After the Parade: A Review

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“This fumbling in the dark is how life will always be.”

Lori Ostlund has written one of the truest sentences in literature. Indeed, nothing is as real as the utter confusion in which we live our lives each and every day. After The Parade is Ostlund’s debut novel, published back in 2015, and what an incredible debut it is. The story follows Aaron, a gay man who leaves his partner of 20 years, Walter, in the middle of the night without a goodbye. He heads to San Francisco in order to start a new life as an ESL teacher, renting out a tiny apartment attached to a couple’s garage in which the walls are so thin, he can hear them fight night after night.

By mere summary, the plot seems rather simple, but Aaron is dealing with demons and a bruised past; his present journey to start anew weaves in and out with various memories of his past. This is where the book really shines and grabs the reader’s attention. Ostlund takes the reader on a journey of self discovery, trauma, forgiveness and love, as Aaron seeks to reconcile with his past and present circumstances. Aaron’s childhood was scarred by his abusive father and mentally ill mother, as well as his struggle with growing up gay in a small rural Minnesota town. At the beginning, all that is known about the parade is that his father fell off a float and died. What happens before the parade and the significance of “after the parade” is not revealed in its entirety until near the end, in one of the most painful scenes from the novel.

Ostlund’s greatest ability as a writer is how she can create rich, believable characters and capture the essence of their lives in a realistic way. There is no better way to describe this novel than as a character study, an examination in how people deal with pain, love and fear. The interactions between Aaron and his ESL students are humorous yet carry subtle messages about cultural differences and their value in America. Aaron’s mother is portrayed in an honest and multi-faceted way, with a fine balance between sympathetic and repulsive. Her actions, whether it be leaving Aaron as a kid or sticking by the abusive husband/father, are abhorred but also painted in a light that allows for some understanding. A family friend, who Aaron meets as a child and then later on in life, says something interesting. She tells the now grown Aaron that sometimes a person can only save themselves when they are at wits end, ,when living seems so impossible.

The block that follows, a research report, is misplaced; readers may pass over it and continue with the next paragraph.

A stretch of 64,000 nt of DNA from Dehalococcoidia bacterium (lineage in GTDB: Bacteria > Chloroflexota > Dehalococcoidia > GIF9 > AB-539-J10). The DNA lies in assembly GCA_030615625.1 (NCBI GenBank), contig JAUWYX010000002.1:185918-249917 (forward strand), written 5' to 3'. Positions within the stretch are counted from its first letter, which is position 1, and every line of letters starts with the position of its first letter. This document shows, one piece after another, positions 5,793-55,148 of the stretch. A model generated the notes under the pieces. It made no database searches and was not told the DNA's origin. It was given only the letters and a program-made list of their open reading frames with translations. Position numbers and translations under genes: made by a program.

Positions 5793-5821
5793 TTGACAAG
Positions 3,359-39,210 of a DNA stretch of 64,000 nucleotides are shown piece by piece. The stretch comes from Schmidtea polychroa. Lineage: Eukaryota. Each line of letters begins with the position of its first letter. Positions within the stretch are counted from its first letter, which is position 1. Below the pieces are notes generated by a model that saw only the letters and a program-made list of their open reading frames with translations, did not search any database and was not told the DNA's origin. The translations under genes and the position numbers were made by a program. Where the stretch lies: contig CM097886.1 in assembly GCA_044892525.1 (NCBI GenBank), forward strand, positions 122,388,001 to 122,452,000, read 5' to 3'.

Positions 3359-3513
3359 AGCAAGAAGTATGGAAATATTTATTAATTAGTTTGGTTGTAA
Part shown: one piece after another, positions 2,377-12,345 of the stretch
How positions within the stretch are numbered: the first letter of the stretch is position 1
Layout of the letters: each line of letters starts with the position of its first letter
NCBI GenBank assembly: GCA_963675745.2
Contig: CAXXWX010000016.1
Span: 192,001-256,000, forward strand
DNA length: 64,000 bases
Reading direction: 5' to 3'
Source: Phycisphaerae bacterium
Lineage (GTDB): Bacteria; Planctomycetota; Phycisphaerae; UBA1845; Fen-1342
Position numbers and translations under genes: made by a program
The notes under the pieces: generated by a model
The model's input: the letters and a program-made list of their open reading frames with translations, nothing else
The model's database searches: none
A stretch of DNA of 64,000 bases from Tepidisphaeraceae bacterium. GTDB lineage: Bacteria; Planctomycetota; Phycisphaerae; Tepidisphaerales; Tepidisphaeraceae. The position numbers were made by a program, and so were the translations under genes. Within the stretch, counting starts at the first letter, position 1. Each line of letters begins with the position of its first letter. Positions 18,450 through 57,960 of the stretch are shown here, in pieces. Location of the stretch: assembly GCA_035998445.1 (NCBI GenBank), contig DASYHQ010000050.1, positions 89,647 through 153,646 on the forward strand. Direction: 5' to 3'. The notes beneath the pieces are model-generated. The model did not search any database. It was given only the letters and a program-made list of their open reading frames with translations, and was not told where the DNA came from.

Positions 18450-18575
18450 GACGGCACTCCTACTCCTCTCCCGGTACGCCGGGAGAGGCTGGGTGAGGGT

The aspect of the various ways in which a person can save themselves, such as Walter and Aaron’s relationship or his mother’s leaving or Aaron’s profession as a teacher, is a central theme of the novel. The uncertainty of life and the moments which shape people is the other central theme, as the novel’s set up is in the reflection of how Aaron’s past shaped him.  This is a quiet novel with deeply powerful themes and issues- the LGBTQ community and their struggles, abuse, trauma recovery, bullying, violence. It is a novel that doesn’t pompously scream “look at me” to its readers, but whispers quiet truths until those whispers form a chorus of understanding.

*5/5* stars

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